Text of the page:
Young adults, so-called "millennials," have been pushed by the recession to live with their parents into adulthood--but they really want to move out, according to a study by Harvard's Joint Center for Housing Studies. That study found that millennials could form 24 million new households by 2025.
Three main factors have been holding millennials back from moving out, said the Harvard study: A weak job market for recent graduates, high debt from student loans and tightened lending standards.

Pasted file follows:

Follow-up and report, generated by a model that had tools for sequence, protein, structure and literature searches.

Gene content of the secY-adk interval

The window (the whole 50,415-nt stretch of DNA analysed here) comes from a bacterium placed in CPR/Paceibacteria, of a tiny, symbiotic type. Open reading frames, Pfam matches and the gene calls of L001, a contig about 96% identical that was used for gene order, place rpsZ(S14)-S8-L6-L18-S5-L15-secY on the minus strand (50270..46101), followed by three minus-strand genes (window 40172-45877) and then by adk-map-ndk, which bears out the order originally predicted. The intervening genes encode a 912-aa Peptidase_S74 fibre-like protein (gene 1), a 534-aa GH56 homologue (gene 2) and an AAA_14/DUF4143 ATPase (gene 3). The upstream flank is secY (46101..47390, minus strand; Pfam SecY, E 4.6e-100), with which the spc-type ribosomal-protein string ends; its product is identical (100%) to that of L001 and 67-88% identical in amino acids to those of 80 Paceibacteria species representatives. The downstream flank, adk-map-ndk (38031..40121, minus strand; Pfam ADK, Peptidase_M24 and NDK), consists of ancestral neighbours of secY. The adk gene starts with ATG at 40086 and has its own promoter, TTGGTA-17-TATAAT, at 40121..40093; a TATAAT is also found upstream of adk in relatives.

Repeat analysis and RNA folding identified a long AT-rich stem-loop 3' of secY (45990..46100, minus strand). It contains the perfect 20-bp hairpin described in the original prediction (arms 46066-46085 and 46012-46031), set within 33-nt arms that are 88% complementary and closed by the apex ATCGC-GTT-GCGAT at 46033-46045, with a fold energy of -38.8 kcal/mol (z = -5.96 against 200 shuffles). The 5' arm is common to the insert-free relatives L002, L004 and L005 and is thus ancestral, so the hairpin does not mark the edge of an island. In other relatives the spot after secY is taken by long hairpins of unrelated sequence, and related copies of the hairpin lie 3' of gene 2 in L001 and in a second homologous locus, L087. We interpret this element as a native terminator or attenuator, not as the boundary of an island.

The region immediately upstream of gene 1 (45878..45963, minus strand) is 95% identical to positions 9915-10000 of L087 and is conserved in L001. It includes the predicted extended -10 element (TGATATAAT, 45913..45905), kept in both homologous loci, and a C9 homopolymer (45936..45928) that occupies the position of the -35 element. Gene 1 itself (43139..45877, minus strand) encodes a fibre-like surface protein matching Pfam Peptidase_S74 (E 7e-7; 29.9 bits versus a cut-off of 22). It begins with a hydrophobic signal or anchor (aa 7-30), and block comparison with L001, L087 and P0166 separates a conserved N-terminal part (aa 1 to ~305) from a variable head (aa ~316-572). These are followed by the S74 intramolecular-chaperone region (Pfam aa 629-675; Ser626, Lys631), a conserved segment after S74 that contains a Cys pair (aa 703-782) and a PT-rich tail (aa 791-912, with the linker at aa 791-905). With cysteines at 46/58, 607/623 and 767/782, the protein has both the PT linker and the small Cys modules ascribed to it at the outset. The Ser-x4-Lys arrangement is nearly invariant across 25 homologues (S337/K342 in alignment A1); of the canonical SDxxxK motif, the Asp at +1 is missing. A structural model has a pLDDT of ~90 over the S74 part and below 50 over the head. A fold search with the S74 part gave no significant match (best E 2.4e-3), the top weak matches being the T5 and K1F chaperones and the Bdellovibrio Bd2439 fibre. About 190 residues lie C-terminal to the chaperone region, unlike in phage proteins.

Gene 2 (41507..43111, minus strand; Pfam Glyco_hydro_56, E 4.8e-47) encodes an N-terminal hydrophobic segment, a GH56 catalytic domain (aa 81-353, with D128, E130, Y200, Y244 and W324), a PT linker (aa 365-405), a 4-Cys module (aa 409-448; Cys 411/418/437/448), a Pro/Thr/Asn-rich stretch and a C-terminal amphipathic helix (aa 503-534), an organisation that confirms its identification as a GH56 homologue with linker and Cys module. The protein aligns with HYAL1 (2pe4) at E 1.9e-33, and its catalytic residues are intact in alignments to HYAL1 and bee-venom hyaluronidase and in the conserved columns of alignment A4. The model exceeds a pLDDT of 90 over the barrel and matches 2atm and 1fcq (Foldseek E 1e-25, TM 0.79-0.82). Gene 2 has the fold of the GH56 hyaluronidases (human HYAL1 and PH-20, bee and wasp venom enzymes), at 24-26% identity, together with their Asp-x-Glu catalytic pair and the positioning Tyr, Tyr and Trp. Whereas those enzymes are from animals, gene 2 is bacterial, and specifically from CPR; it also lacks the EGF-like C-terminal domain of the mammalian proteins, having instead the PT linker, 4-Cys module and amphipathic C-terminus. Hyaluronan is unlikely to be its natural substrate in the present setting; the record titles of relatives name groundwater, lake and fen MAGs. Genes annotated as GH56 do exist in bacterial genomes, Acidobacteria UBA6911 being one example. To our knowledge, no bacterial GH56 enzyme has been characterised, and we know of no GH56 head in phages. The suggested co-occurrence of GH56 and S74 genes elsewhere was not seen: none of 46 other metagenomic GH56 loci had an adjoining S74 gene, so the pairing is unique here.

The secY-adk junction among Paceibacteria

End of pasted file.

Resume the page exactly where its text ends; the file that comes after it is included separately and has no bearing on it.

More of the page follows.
The report also found that the number of young people who buy homes increases as their incomes grow. As and the economy improves, millennials--which the study defined as those born between the years of 1985 and 2004--will make decisions about their living arrangements that will, by extension, affect the economy.
But don't foresee a mass exodus from parents' homes, the authors said. Millennials will probably just trickle out of their parents' nest in what would look like a steady, slow recovery.